4. Picard C, et al. Primary immunodeficiency diseases: an update on the classification from the International Union of Immunological Societies Expert Committee for primary immunodeficiency 2015. J Clin Immunol. 2015;35(8):696–726.

    Article  CAS  PubMed  PubMed Central  Google Scholar 

  5. Devonshire AL, Makhija M. Approach to primary immunodeficiency. Allergy Asthma Proc. 2019;40(6):465–9.

    Article  CAS  PubMed  Google Scholar 

  6. Šedivá A, et al. Medical algorithm: diagnosis and management of antibody immunodeficiencies. Allergy. 2021;76(12):3841–4.

    Article  PubMed  Google Scholar 

  7. Tuano KS, Seth N, Chinen J. Secondary immunodeficiencies: an overview. Ann Allergy Asthma Immunol. 2021;127(6):617–26.

    Article  CAS  PubMed  Google Scholar 

  8. Vargas-Camaño ME, et al. Cancer as secondary immunodeficiency. Rev Alerg Mex. 2016;63(2):169–79.

    Article  PubMed  Google Scholar 

  9. Tangye SG, Palendira U, Edwards ES. Human immunity against EBV-lessons from the clinic. J Exp Med. 2017;214(2):269–83.

    Article  PubMed  PubMed Central  Google Scholar 

  10. Mortaz E, et al. Cancers related to Immunodeficiencies: update and perspectives. Front Immunol. 2016;7:365.

    Article  PubMed  PubMed Central  Google Scholar 

  11. Hatherill M, White RG, Hawn TR. Clinical development of new TB vaccines: recent advances and next steps. Front Microbiol. 2019;10:3154.

    Article  PubMed  Google Scholar 

  12. Buchacher A, Iberer G. Purification of intravenous immunoglobulin G from human plasma--aspects of yield and virus safety. Biotechnol J. 2006;1(2):148–63.

    Article  CAS  PubMed  Google Scholar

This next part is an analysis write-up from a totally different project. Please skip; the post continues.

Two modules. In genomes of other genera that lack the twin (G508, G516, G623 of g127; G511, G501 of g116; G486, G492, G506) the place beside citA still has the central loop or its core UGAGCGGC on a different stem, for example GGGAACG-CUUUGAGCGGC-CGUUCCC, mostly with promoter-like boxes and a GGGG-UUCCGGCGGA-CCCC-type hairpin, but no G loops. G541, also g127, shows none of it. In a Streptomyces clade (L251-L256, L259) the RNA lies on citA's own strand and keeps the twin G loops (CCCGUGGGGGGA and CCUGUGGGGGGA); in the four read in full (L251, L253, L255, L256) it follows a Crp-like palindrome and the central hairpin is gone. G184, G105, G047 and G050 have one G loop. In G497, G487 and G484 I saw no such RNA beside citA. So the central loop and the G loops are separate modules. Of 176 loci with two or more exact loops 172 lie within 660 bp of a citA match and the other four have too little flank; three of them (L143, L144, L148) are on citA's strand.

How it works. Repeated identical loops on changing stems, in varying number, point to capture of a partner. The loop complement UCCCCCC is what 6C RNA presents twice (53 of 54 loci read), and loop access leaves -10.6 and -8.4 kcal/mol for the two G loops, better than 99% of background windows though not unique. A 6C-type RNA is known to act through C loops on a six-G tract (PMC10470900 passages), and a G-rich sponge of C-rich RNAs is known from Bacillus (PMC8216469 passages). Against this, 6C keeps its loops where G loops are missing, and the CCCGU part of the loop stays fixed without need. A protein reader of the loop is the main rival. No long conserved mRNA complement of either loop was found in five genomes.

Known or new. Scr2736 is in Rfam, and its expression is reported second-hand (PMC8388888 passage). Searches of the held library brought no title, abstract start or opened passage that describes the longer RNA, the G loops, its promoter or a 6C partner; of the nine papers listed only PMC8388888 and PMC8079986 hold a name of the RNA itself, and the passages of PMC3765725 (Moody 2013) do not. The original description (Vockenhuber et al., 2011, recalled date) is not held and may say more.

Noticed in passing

13. Bose S, Grammer LC, Peters AT. Infectious chronic Rhinosinusitis. J Allergy Clin Immunol Pract. 2016;4(4):584–9.

    Article  PubMed  PubMed Central  Google Scholar 

  14. José RJ, Periselneris JN, Brown JS. Opportunistic bacterial, viral and fungal infections of the lung. Medicine (Abingdon). 2020;48(6):366–72.

    PubMed  Google Scholar 

  15. Pimentel R, et al. Spontaneous bacterial peritonitis in cirrhotic patients: a shift in the microbial pattern? A retrospective analysis. GE Port J Gastroenterol. 2022;29(4):256–66.

    Article  PubMed  Google Scholar 

  16. Yamane N. Blood culture: gold standard for definitive diagnosis of bacterial and fungal infections--from the laboratory aspect. Rinsho Byori. 1998;46(9):887–92.

    CAS  PubMed  Google Scholar 

  17. Stefani S. Diagnostic techniques in bloodstream infections: where are we going? Int J Antimicrob Agents. 2009;34(Suppl 4):S9-12.

    Article  CAS  PubMed  Google Scholar 

  18. Aronson MD, Bor DH. Blood cultures. Ann Intern Med. 1987;106(2):246–53.

    Article  CAS  PubMed  Google Scholar 

  19. Xu HG, Tian M, Pan SY. Clinical utility of procalcitonin and its association with pathogenic microorganisms. Crit Rev Clin Lab Sci. 2022;59(2):93–111.

    Article  PubMed  Google Scholar 

  20. Rao DW, et al. Partnership dynamics in mathematical models and implications for representation of sexually transmitted infections: a review. Ann Epidemiol. 2021;59:72–80.

    Article  PubMed  PubMed Central  Google Scholar 

  21. Wang H, et al. A mathematical prediction model for postoperative infection based on logistic multiple regression analysis in the assessment of surgical outcome and prediction of infection in elderly spinal fractures. Altern Ther Health Med. 2023:AT9287. Online ahead of print. 

  22. Zhang J, Wang K. Mathematical modeling and computational prediction of high-risk types of human papillomaviruses. Comput Math Methods Med. 2022;2022:1515810.

    PubMed  PubMed Central  Google Scholar 

  23. Yamanaka Y, et al. Mathematical modeling of septic shock based on clinical data. Theor Biol Med Model. 2019;16(1):5.

    Article  PubMed  PubMed Central  Google Scholar 

  24. Yanming Li, et al. Clinical practice guideline for early detection of pulmonary tuberculosis in comprehensive medical institutions. Chin J Antituberculosis. 2023.

  25. Conneau A, Lample G. Cross-lingual language model pretraining[J]. Advances in neural information processing systems, 2019, 32.

  26. Furman CD, Rayner AV, Tobin EP. Pneumonia in older residents of long-term care facilities. Am Fam Physician. 2004;70(8):1495–500.

    PubMed  Google Scholar